• Absolutdata have developed a product called Navik Converter that uses data that already exists within companies and combines this with their methodologies to provide a set of recommendations around what campaign to run next, what offer and to which particular type of customer etc etc.

About Anil (taken from his Absolutdata bio)

Anil KaulDr Anil Kaul is the CEO and co-founder of Absolutdata. A prominent and well-known personality in the field of analytics and research, Anil has over twenty years of experience in marketing, strategic consulting and quantitative modeling. Before starting Absolutdata in 2001, Anil worked at Personify and McKinsey & Company. He has a PhD in quantitative marketing from Cornell University.

Anil is dedicated to the cause of exploring the best practices for implementing analytic solutions in progressive organizations and building capabilities towards robust decision-making. What distinguishes him is his lens, painted by the brush of analytics, that enables him to scope out opportunities across a wide range of scenarios, be it the performance of fortune 500 companies or like the time he used his base in classical analytics to crunch an entire undergraduate semester’s syllabus into two weeks’ worth of study.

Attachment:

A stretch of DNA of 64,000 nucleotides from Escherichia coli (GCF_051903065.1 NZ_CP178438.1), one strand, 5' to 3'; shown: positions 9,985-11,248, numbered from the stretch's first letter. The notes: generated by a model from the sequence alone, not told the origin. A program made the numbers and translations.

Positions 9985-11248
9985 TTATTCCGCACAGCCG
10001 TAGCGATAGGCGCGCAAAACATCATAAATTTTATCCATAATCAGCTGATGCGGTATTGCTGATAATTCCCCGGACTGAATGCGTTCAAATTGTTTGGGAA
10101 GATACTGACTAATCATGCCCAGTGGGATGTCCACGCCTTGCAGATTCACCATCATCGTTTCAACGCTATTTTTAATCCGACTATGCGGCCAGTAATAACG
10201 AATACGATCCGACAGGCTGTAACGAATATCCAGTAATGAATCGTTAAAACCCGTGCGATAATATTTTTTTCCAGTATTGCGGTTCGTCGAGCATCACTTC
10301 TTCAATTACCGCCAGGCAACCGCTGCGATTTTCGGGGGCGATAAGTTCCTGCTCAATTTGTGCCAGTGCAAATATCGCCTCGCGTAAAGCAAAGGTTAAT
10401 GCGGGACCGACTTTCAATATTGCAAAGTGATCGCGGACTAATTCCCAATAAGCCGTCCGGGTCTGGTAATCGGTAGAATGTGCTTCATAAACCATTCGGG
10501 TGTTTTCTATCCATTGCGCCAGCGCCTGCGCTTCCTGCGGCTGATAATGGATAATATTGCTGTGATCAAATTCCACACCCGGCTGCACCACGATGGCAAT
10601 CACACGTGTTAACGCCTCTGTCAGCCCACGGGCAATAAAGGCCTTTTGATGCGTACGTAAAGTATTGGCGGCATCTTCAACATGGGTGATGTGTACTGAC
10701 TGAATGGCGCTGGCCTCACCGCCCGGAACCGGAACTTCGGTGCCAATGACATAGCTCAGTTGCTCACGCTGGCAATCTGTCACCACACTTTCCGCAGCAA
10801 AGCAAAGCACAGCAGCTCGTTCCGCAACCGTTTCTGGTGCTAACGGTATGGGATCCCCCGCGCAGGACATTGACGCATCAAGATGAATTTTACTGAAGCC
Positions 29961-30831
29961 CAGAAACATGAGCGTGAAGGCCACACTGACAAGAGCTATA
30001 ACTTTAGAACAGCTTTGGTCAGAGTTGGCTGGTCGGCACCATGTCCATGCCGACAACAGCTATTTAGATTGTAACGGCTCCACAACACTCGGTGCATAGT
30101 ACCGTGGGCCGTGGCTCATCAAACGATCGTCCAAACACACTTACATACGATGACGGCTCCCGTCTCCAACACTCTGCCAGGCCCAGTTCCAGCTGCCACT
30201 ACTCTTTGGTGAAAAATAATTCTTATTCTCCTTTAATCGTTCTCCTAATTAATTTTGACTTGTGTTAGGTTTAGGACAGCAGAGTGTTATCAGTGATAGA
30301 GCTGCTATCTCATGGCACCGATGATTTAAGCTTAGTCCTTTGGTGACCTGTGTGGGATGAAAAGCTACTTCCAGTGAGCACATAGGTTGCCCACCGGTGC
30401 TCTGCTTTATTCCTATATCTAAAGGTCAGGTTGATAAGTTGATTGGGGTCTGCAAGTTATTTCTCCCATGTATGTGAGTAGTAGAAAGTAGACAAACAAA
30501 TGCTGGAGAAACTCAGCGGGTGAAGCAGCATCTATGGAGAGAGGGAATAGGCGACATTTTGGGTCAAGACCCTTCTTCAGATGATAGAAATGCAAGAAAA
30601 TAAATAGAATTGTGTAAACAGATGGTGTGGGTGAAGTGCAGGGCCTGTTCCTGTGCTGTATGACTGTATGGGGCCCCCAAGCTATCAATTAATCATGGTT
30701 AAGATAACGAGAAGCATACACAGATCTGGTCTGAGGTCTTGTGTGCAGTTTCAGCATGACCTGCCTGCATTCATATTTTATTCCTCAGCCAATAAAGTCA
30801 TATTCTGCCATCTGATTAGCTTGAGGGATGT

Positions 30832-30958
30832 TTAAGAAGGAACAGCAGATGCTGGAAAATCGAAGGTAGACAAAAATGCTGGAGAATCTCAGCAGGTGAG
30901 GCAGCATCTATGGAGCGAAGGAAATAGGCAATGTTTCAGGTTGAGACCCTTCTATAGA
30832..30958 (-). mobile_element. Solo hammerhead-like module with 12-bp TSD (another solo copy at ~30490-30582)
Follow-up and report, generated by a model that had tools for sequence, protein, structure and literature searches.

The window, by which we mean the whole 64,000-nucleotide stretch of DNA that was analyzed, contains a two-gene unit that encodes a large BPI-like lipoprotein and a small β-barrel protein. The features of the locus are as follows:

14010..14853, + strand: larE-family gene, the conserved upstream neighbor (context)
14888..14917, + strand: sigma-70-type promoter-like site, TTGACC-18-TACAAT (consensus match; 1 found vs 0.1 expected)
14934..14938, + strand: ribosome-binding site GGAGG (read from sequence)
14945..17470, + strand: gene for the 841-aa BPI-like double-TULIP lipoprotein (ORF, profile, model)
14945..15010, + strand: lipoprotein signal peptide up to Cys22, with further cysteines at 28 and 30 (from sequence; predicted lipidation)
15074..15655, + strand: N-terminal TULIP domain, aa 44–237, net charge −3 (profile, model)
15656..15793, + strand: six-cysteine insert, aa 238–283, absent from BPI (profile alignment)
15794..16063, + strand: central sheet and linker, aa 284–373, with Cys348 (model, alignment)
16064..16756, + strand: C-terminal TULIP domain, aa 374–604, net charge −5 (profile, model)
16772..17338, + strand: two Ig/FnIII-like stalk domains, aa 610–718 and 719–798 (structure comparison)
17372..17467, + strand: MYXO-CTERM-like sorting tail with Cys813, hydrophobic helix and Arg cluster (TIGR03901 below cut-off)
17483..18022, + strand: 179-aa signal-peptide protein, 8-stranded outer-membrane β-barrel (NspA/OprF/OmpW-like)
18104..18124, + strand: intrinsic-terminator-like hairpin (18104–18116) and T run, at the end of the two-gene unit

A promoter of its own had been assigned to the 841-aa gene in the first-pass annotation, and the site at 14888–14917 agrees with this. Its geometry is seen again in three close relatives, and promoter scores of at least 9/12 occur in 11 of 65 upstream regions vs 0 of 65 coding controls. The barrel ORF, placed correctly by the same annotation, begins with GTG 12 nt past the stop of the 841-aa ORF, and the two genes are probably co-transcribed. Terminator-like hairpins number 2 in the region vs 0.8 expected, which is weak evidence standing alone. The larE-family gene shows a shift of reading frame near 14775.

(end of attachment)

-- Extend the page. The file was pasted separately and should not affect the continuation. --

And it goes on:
He is a recognized thought leader in the industry, having published articles in leading management and academic journals such as the McKinsey Quarterly, Marketing Science, Journal of Marketing Research and International Journal of Research in Marketing. One of his papers was nominated for the Paul Green Award by the American Marketing Association. He has also been an invited as a speaker to McKinsey and the universities of Dartmouth, Cornell, Yale, Columbia, and New York University.